My cousin Gail arrived on Tuesday, and we have been exploring Budapest. Wednesday, on our first full day together, we saw the Opera House, Basilica, Vaci utca, Déak ter, and that general area. It was my first time up close to the Basilica, and it is beautiful! Unfortunately, the lift was broken, so I couldn’t go in. We were out during the hottest part of the day, and by the time we got back, the heat had sapped our energy. Having learned our lesson, we started out in the late afternoon yesterday (oh yeah, also because I forgot to charge my wheelchair batteries overnight. tsk tsk), and ventured to Keleti train station to buy tickets, Heroes’ Square, the City Park, and the Szechenyi baths.
“Photos or it didn’t happen!” you say … well, luckily for me, Gail is a great photographer, so I will wait for her to upload her pictures. Here are just a few:
Some other interesting sights along the way:
– a Chinese hot pot restaurant
– part of the Berlin Wall on Andrassy utca
– guys doing bike tricks on Heroes’ Square
The more I see of Budapest when visitors come, even though it’s often the same sites, the more I grow to appreciate its charm and beauty. More soon!
You don’t change the city
The city changes you
We’ve been sweating it out in the heat and doing major packing this weekend. My possessions are divided into “will need this summer” & “staying in BP”, most of them falling into the latter category so as not to lug them around for the next two months. Even though I won’t be leaving the city until the end of June, I’m putting things in storage this week at Anna’s cousin’s house. It was very kind of her to offer the space (and save me 2 months’ rent!); I hope she won’t regret it when she sees just how much STUFF I’m handing over.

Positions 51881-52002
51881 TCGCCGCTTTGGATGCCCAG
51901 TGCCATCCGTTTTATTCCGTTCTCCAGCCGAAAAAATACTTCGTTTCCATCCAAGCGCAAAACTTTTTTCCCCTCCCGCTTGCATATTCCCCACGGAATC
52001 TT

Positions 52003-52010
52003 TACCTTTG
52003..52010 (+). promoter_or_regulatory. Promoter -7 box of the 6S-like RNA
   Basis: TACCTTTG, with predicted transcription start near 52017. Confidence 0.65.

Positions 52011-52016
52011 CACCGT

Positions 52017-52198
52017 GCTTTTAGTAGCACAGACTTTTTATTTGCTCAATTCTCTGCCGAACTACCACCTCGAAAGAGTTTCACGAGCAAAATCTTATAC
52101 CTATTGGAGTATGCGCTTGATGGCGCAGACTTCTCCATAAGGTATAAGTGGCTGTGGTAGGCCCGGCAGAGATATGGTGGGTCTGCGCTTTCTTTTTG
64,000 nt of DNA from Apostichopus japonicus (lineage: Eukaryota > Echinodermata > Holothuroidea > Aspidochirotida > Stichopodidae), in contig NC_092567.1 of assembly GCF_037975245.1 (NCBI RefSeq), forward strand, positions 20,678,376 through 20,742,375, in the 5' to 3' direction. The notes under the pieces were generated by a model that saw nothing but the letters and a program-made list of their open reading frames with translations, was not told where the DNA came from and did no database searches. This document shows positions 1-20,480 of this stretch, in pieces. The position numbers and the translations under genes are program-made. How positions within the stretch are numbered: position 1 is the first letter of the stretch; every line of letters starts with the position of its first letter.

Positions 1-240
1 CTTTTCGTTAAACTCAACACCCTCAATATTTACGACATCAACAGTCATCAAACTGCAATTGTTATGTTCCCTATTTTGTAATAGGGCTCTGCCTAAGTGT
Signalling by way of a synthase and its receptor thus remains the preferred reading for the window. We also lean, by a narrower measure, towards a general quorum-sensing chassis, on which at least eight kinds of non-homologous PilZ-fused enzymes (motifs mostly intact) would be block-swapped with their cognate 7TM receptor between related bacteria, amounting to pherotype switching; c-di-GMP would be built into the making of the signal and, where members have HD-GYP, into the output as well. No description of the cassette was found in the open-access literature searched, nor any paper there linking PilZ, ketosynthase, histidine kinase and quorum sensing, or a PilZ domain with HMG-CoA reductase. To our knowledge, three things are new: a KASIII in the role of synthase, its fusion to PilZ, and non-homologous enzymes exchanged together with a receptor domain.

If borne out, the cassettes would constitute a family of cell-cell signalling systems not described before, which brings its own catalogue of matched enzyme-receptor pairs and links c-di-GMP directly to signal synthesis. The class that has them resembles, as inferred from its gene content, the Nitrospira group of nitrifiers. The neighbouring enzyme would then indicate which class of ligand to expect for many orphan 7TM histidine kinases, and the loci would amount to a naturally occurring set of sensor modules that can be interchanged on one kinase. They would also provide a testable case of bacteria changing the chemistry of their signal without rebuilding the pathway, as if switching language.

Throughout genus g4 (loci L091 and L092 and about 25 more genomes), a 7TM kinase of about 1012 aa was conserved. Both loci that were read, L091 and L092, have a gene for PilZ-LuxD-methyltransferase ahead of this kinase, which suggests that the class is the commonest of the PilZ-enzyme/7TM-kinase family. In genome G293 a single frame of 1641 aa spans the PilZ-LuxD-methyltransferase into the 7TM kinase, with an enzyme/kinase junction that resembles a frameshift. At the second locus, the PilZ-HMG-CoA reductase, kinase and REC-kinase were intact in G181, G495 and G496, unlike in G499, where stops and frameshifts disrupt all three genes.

Other than that, it’s been a social weekend – 3 outings in as many days! I guess I can’t claim hermit status anymore.
On Friday, I went to Gerbeaud, Budapest’s most famous café, for the first time. It’s in a beautiful part of the city teeming with tourists, and priced accordingly. Four of us shared this sampler platter:
Then, we walked around for a bit on Vaci utca before heading home. Budapest is radiant in the summer sun.
Yesterday, five of us had dinner at The Big Fish, billed as “the only restaurant in town that offers fresh seafood, made in front of you”. It was excellent, and I’m definitely planning on returning to try the paella, which was sold out (a common occurrence, apparently). The only blight on the meal was an injured pigeon in the middle of the sidewalk behind us. It had a broken leg and was trying to launch itself to a safer corner, which it ultimately did, but seeing it suffer was terrible.
There’s been an undercurrent of goodbyes as we part for the summer months, but we’ll be back at the books before we know it.